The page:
Groundbreaking art exhibit puts spotlight on rare diseases
A unique art exhibit that focuses on children living with a rare disease is now on display at Nemours/Alfred I. duPont Hospital for Children in Wilmington.Listen 3:08
A unique art exhibit that focuses on children living with a rare disease is now on display at Nemours/Alfred I. duPont Hospital for Children in Wilmington.
The traveling art exhibit of portraits called Beyond the Diagnosis was hatched three years ago by Patricia Weltin, founder of the Rhode Island-based Rare Disease United Foundation.
“There’s 7,000 different rare diseases and they affect, in the United States, about 15 million kids,” said Weltin, whose own two daughters suffer from a rare disease that affects their connective tissue. “We’re kind of invisible to a lot of the medical community, the research institutes, mostly the government.”
Artists from around the world donated their time and talents to paint a portrait for the exhibit. When Weltin first started the exhibit, she had 17 portraits. Three years later, she’s amassed more than 100 and she’s reaching a larger audience than she could have ever imagined. Weltin was just asked to bring the exhibit to Botswana.
“I’m an extremely practical human being, but for me, this seems like magic,” Weltin said.
Because 95 percent of all rare diseases lack treatment of any kind, Weltin hopes Beyond the Diagnosis raises awareness, increases funding for research, and most importantly, puts a face to some of these little-studied diseases.
“We need the FDA to see these kids. You know, this is who you work for. This is who everybody is working for. We’re all working. In the end, it’s for these kids and to find a treatment for these kids. I mean, I would prefer a cure, but I’ll settle for a treatment,” she said.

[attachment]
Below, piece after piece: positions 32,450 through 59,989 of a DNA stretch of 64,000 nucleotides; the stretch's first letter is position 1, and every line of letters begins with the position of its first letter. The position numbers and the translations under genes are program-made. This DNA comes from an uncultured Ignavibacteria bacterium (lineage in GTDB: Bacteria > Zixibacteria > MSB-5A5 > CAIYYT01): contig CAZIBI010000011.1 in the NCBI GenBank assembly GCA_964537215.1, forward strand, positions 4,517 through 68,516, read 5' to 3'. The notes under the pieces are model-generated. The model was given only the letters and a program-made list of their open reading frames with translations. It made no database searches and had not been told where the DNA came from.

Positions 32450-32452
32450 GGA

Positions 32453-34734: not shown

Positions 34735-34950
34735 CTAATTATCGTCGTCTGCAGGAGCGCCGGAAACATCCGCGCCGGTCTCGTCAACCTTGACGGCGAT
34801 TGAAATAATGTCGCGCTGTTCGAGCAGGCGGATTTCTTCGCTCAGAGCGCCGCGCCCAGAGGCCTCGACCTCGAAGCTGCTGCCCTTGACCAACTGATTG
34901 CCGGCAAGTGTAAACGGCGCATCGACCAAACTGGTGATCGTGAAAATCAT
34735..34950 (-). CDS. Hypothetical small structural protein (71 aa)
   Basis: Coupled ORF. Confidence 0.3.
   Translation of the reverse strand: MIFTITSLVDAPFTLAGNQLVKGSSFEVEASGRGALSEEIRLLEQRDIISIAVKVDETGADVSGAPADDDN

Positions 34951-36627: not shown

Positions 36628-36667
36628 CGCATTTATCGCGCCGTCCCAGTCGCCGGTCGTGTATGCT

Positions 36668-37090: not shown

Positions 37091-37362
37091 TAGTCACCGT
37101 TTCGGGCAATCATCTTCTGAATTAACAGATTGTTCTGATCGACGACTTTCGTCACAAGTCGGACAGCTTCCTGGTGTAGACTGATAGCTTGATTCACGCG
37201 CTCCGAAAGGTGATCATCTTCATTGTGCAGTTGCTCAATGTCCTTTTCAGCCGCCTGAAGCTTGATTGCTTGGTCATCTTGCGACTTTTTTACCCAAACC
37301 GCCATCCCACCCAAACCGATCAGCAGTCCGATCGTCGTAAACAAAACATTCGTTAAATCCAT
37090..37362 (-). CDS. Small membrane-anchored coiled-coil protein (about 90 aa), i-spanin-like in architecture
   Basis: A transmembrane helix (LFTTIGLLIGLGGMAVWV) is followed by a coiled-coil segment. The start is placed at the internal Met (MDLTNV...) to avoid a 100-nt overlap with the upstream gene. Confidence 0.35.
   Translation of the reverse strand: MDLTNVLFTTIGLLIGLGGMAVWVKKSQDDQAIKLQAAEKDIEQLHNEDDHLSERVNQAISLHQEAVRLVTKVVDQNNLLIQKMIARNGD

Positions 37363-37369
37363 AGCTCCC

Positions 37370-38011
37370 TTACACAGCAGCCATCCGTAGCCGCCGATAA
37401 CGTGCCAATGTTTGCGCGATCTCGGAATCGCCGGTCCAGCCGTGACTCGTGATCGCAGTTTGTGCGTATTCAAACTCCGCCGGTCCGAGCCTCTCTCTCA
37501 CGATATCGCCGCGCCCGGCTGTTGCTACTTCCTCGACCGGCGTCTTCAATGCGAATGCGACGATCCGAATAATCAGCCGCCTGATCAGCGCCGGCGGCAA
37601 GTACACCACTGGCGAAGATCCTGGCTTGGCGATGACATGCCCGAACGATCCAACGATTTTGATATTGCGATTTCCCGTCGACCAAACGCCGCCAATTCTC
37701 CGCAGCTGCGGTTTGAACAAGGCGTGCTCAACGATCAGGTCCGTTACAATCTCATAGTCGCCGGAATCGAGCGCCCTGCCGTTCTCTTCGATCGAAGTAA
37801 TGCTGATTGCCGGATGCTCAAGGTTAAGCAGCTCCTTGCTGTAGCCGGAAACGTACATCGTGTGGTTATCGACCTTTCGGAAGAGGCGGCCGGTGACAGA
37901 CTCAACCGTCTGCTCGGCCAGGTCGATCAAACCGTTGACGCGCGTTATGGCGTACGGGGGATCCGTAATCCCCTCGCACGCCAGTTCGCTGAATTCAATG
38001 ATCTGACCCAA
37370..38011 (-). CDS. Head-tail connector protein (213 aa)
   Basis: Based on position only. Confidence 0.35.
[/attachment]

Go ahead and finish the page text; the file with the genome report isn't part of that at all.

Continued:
Joanna Costa’s portrait is the newest addition to the exhibit. The South Jersey native was born with Arthrogryposis Multiplex Congenita or AMC, which affects the muscles and joints.
In Costa’s case, the rare disease keeps her from raising her arms above her shoulders and she can only use two fingers on each hand, but she doesn’t let her condition hamper her life.
Costa, 19, studies at Temple University and loves playing the piano.
“My favorite part of this exhibit idea is that it doesn’t emphasize the disability. It shows the person’s face and I really like that. We’re all people, that’s my favorite part of it,” Costa said.
Biomedical engineer Dr. Tariq Rahman works at A.I. and has worked with Joanna for 15 years. When he heard the exhibit was coming to his hospital, he knew he wanted to paint Costa’s portrait.
“I’ve seen her grow from a 5-year-old who came into our lab eating Skittles, to now she’s a junior at Temple. So I’m seeing that progression,” Rahman said. “[The exhibit will] bring visibility to rare diseases. It helps the kids enormously.”
Weltin, one day, hopes to have a portrait for all 7,000 rare diseases.
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